It has become more or less clear why TCP is not used. This is the most naive method of re-requesting packages without the serious ability to control it. In addition, it provides only a re-request of the package, and re-request of the key frame in any case will have to be implemented on top.

    Smart methods

    We have here so far concerned only the fight against losses. But what about the width of the channel? Yes - the channel width is important, and it is ultimately manifested by the same losses (plus an increase in the packet delivery time). If the video codec is configured for a bitrate that exceeds the width of the communication channel, then trying to deal with losses in this case is a less meaningful task. In this case, you need to reduce the bitrate of the codec. This is where all the trick begins. How to determine which bitrate to set?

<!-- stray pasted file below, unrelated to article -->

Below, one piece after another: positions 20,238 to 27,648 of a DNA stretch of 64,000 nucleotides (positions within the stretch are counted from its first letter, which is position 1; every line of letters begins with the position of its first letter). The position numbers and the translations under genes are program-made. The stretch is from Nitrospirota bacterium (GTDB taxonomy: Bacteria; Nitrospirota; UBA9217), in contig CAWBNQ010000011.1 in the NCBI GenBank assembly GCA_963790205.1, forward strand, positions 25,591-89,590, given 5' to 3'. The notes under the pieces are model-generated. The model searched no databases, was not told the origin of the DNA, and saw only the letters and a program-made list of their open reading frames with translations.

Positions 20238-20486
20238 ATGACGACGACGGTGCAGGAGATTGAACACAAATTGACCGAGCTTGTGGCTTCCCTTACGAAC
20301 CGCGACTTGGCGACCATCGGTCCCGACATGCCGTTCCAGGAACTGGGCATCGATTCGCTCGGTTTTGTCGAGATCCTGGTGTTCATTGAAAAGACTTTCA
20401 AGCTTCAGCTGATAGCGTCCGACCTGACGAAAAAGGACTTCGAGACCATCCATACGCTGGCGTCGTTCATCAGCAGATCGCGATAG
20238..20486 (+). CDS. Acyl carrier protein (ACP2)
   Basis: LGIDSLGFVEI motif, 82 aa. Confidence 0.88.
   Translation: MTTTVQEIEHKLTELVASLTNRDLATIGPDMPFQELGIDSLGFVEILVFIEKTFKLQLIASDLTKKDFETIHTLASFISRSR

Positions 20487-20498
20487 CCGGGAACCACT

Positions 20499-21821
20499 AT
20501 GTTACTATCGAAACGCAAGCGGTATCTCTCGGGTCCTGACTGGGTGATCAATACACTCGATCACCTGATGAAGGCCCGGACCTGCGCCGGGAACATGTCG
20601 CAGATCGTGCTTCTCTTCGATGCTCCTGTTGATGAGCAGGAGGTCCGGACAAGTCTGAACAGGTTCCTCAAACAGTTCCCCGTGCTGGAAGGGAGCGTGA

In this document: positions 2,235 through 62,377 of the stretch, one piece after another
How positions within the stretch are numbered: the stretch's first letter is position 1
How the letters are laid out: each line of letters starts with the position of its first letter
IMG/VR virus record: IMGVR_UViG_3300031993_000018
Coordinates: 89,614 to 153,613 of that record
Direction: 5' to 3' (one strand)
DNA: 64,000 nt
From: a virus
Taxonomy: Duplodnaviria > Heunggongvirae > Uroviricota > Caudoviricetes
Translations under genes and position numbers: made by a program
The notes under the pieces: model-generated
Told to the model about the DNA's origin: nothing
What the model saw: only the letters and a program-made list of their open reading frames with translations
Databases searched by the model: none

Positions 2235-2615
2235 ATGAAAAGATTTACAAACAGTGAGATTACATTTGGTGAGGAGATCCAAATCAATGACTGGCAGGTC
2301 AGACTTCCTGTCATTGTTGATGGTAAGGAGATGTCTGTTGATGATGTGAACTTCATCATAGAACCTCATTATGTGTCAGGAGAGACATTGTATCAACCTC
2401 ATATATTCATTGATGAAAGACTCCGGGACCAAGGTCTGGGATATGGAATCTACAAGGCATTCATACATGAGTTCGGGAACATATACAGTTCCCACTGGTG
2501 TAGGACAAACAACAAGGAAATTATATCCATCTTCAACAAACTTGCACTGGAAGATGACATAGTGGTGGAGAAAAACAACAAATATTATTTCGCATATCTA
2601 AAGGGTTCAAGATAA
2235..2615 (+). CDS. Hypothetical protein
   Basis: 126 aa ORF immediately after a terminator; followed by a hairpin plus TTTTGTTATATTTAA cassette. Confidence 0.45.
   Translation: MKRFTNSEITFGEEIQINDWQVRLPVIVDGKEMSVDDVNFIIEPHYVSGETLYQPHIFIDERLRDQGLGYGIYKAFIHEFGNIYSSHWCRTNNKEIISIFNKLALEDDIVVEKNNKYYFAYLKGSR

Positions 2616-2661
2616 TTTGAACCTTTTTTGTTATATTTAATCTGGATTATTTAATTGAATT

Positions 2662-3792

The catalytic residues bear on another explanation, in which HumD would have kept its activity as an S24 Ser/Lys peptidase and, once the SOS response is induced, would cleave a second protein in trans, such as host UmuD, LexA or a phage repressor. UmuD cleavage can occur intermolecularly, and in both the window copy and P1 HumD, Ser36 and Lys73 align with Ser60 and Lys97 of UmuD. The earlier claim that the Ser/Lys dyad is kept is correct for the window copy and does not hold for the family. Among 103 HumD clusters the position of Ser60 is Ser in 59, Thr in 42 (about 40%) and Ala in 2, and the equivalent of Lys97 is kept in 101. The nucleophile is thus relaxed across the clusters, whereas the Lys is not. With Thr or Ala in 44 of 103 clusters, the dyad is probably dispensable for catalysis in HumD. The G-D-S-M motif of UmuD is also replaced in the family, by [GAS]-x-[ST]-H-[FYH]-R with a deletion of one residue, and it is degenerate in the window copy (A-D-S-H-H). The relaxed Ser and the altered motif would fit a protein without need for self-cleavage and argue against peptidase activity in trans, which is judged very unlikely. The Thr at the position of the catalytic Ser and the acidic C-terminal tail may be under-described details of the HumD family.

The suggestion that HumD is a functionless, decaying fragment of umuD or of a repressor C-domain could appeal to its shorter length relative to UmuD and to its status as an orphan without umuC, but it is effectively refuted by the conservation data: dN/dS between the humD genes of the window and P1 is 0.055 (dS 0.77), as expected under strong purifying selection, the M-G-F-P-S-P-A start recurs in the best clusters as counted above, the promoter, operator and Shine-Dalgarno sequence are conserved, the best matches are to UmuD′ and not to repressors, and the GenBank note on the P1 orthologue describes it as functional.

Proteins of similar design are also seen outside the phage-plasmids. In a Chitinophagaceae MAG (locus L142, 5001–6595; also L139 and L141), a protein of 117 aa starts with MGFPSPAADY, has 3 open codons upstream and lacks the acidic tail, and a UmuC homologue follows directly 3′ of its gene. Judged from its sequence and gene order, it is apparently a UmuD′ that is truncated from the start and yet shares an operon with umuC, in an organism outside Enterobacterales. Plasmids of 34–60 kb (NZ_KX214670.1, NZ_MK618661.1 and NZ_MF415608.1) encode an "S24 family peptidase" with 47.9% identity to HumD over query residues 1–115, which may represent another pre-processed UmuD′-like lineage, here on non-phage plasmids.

The main ideas are as follows:
    • It is necessary to accurately and efficiently monitor the current situation in the network. For example, through RTCP XR ( RFC 3611 ), you can receive a report on delivered packets and their delays.
    • If conditions worsen, reset the bitrate (what is the worsening of conditions? How to quickly reset?).
    • With the normalization of conditions, you can begin to probe the upper limit of the bitrate. To prevent the picture from falling apart, for example, you can enable FEC and raise the bitrate. When problems occur, FEC will allow the picture to remain correct.

    In general, it is precisely the intelligent methods for evaluating the network parameters and adjusting them for today that determine the quality of video conferencing systems. Each serious manufacturer has its own proprietary solution. And it is the development of this technology that is the main competitive advantage of video conferencing systems today.
    By the way, the 3GPP TS 26.114 standard (one of the main standards for building industrial VoIP networks) states that it contains a description of a similar algorithm for audio. It is not clear how well the described algorithm is, but it is not suitable for video.

    State machine of the algorithm for adapting to network conditions in the artist's view (from 3GPP TS 26.114)